Thanks for the offer. I am on Oahu, otherwise I would take you up on that.
Regards
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post #45 of 47 Old 05-07-2012
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Re: Dead Reckoning

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I am also among the old codgers that grew up with dead reckoning. We used to sail from south Florida to the Bahamas with a table that we would make showing the different courses to steer as our speed changed with conditions. We'd usually sail at 120 degrees to make good 90 degrees to West End from Lake Worth at five knots. If we increased speed we could make 110 degrees. Of course, our actual course only used the average vector of the Gulfstream so we layed a sigmoid curve that GPS removes. Our back-up was a handheld RDF that would pick up mostly airport morse code signals at any bearing except pointed directly to or 180 degrees from the station. Others have asked about the steering errors without an autopilot, but the port or starboard errors tend to cancel out each other over time. Our accuracy was always more at risk heading to the small islands while the return to Florida was hard to miss. Some, though , did make big errors. I remember coming into Port Canaveral just behind another whose captain thought he was at West Palm,......big mistake! If he had been eastbound he would have missed everything! Take care and joy, Aythya crew
A few weeks back I was looking for a radio direction finder (used to be pretty common on boats), could not find a new one. Guess I gotta try ebay.
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post #46 of 47 Old 05-07-2012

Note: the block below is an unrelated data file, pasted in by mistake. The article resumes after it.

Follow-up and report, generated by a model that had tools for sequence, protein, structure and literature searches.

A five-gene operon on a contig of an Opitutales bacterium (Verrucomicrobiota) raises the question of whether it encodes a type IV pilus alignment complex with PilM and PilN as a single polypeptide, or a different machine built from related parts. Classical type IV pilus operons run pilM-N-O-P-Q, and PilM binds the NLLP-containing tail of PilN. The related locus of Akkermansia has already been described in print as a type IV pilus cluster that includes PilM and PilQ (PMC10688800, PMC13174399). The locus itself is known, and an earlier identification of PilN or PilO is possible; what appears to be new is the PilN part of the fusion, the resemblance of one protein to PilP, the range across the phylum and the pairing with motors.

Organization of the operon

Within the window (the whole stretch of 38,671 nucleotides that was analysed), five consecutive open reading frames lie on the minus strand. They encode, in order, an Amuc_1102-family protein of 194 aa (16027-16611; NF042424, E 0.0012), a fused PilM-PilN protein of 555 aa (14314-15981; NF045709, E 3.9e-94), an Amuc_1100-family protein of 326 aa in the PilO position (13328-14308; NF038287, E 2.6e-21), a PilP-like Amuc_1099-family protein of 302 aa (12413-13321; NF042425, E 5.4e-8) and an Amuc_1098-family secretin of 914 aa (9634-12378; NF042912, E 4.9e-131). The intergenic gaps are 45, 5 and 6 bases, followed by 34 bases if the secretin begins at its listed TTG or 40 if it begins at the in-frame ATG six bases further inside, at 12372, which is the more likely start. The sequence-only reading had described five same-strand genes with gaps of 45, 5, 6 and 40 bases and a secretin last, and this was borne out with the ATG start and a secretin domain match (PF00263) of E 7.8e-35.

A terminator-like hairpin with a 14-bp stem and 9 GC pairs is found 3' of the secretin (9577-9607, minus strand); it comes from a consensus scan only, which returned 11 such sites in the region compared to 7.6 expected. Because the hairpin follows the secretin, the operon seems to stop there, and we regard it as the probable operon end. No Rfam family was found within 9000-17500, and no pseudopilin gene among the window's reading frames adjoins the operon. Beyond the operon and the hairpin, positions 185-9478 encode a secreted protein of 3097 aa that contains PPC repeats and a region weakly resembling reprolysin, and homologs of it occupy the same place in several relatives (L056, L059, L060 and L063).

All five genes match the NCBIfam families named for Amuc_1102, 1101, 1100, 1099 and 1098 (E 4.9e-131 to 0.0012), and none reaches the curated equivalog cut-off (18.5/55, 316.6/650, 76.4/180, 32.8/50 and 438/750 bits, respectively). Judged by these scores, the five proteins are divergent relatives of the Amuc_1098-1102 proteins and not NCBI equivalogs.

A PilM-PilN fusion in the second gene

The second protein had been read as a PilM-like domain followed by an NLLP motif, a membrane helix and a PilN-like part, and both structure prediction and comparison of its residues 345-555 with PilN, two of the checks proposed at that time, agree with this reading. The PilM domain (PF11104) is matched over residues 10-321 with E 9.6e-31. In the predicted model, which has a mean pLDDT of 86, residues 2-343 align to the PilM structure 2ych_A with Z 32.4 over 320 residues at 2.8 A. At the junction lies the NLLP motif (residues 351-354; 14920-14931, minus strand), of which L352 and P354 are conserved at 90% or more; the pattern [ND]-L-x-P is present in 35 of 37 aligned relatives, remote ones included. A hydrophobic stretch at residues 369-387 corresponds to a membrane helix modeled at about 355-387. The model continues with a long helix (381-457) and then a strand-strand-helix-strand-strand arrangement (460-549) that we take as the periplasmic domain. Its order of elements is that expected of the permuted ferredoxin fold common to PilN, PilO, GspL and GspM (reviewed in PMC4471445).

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Re: Dead Reckoning

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A few weeks back I was looking for a radio direction finder (used to be pretty common on boats), could not find a new one. Guess I gotta try ebay.
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post #47 of 47 Old 05-07-2012
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Re: Dead Reckoning

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The plug is the same material and diameter as the knotmeter. It is held in place by the same threads as the knotmeter. I pull knotmeters regularly to show my students how it is done.

Check the video I posted for other techniques.
Interestingly enough on another thread, this interview with the skipper was posted in March which outlined where almost this exact situation happened during last year's NARC in Swan 48.

NARC Rally Nightmare 2011, Part 1 - An interview with captain AJ Smith from Swan 48 Bella Luna - YouTube

Discussion on thru hull at about 7:15 of video.

They lost the engine and all electronics as a result.

Lots of other good stuff in the interview on their storm management and decisions.



Why are people happy to accept science which makes their life easier while rejecting science that makes their faith or beliefs more difficult?


Last edited by cupper3; 05-07-2012 at 09:46 PM.